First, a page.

ASU diver Heikki Makikallio reflects on rollercoaster career

The Finnish senior experienced success and mental struggles on the diving board

ASU senior diver Heikki Makikallio's career has been a rollercoaster on the diving board.

The senior is from Oulu, Finland, a place that only receives a few hours of daylight during the winter season. Because there are no college sports in Finland, Makikallio came to ASU with a scholarship to dive.

While growing up in Oulu, Makikallio racked up diving championships and accolades from across the globe. Before even stepping foot in Tempe, he was an 18-time Finnish national champion and a Nordic champion in Finland, Sweden, Norway and Denmark.

“Starting at an age where he developed a lot of skills, he had a talent level, and one of the hard parts of our sport is when you physically get to the point that's only half the battle,” ASU head dive coach Mark Bradshaw said. “It becomes your confidence level mentally how you think you are going to do and that explains a little bit of the up and down through his career.”

But when Makikallio got to Tempe, he began a turbulent career. He showed flashes of talent on the diving board, but also struggled with anxiety when he'd dive, which he said kept him from reaching his full potential.

"I went through everything from the lowest lows to the highest highs," Makikallio said. "I did that but without ever reaching the crown.”

Makikallio experienced an adjustment period when he was getting used to the fresh facilities at ASU and the training regiment of Bradshaw. 

“In Tempe, the springboards are always the newest kind on the market, and our coach Mark takes very good care of them, so that is a huge difference from what I was used to in Oulu,” Makikallio said. “Weight training is on a whole new level here as it is very consistent and goal-oriented as back at home, we did way less of it. And rehabilitation and a training room is something we don't have, at all back home.”

Despite winning the 1-meter and 3-meter springboard events in his first collegiate meet as a freshman, Makikallio failed to qualify for NCAAs.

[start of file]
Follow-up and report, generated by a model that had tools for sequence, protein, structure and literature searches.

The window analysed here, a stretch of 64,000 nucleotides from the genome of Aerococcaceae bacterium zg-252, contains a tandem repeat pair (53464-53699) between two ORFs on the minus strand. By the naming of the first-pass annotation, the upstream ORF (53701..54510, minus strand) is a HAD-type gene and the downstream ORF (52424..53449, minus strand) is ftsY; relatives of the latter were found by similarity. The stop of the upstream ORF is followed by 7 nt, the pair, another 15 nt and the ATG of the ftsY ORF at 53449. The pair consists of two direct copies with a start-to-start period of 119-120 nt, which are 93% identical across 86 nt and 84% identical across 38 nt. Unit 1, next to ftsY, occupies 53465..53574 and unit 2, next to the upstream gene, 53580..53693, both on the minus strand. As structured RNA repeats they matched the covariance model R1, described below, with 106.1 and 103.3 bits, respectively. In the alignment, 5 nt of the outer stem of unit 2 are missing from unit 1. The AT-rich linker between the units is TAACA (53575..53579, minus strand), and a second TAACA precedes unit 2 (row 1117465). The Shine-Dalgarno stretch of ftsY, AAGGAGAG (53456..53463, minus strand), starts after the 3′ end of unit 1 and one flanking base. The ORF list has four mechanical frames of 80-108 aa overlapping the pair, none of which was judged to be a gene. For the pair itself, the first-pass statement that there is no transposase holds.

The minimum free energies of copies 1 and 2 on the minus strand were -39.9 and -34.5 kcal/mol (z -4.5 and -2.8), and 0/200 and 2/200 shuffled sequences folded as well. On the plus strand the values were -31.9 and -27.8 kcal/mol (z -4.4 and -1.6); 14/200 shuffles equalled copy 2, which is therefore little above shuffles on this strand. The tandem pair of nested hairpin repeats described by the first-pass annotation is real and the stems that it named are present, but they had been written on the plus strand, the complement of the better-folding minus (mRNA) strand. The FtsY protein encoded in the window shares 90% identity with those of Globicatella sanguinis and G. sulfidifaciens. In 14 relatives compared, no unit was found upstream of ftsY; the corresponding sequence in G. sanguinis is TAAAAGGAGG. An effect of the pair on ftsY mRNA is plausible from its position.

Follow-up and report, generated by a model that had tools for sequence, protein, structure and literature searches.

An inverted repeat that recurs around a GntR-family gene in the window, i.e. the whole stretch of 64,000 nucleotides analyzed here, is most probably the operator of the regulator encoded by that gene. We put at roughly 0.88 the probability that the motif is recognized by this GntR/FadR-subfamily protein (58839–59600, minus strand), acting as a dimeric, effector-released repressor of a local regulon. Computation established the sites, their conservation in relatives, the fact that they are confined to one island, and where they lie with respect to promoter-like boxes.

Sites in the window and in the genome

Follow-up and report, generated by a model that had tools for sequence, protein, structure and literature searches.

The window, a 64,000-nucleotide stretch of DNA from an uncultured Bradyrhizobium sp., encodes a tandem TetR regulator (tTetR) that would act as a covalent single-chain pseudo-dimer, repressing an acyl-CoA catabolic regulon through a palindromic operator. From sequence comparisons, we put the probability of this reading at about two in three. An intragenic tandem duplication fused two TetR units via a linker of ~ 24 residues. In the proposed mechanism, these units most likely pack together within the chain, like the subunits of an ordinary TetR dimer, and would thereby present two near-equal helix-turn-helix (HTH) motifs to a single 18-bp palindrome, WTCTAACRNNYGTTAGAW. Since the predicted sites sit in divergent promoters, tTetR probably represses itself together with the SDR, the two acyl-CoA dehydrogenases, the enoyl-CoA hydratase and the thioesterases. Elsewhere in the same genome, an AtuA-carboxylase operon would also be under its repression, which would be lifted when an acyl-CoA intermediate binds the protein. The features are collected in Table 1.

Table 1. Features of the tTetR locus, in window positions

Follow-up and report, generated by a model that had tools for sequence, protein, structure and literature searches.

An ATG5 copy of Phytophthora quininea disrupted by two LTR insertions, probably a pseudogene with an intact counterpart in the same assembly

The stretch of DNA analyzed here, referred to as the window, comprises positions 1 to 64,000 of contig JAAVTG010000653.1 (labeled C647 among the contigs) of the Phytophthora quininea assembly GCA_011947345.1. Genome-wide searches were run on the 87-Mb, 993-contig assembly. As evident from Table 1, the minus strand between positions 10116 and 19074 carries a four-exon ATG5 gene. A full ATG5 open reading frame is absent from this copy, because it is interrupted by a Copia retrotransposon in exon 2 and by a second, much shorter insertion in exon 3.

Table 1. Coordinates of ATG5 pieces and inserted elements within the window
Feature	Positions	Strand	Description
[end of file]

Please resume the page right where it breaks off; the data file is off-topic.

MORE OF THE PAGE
“My first year here, I came and I kind of struggled a lot to get used to everything how they train here very differently and what I was used to,” Makikallio said. “Pac-12s didn’t go very well.”

Makikallio's career peak as a Sun Devil would follow in the next two seasons. He qualified for NCAAs as a sophomore and a junior. As a junior he was named on the Pac-12 First Team All-Academic Team and placed first in the platform dive at the Zone E Championships. However, that year, he finished 17th at NCAAs in the 10-meter platform, one spot away from achieving All-American status.

Devastated at the outcome, Makikallio was determined to qualify for NCAAs and achieve All-American status heading into his final season. 

But Makkallio's final year was bogged down by mental blocks during competitions. When he was on the diving board, Makikallio said he would get noticeably anxious to the point where his coaches needed to talk him through technique before he would dive.  

“I started getting mental problems in my dives, I couldn’t perform properly anymore because I was so scared of my dives, and that started happening before Pac-12s,” Makikallio said. “I couldn’t see what I was doing before I did it, so I just had to jump and hope my body did the right thing.”

Bradshaw discussed the challenges of coaching through an athlete experiencing issues from within.

“It’s a huge challenge. It’s something that ...  it's so encapsulated within the individual. You can talk to them all you want about the right way, the feedback about helping him through this, but really it’s up to the individual,” Bradshaw said. “When you are diving up there, it can get quite scary, so from my standpoint, it was just reassuring him everything is going to be OK, doing a lot of progressions. He’s not the only one that’s ever happened too.” 

Makikallio said the anxiety was localized to diving competitions, and as a competitor in the sport since youth, he still isn't sure what caused the mental blocks. 

After finishing out his 13-year diving career, Makikallio's time as a Sun Devil will end when he graduates with a degree in finance from the W.P Carey School of Business next December. 

Despite an imperfect senior season, beyond competing, Makikallio still remained positive at practice, serving as a point of inspiration for his teammates.

“Heikki is a one of the best teammates I have ever practiced with, he is always positive and he is always helping us in practice if we are have a hard time with something," sophomore diver Youssef Selim said. “He motivates me in practice every day.” 


Reach the reporter at nsheehy@asu.edu or follow @nsheehy_nick on Twitter.

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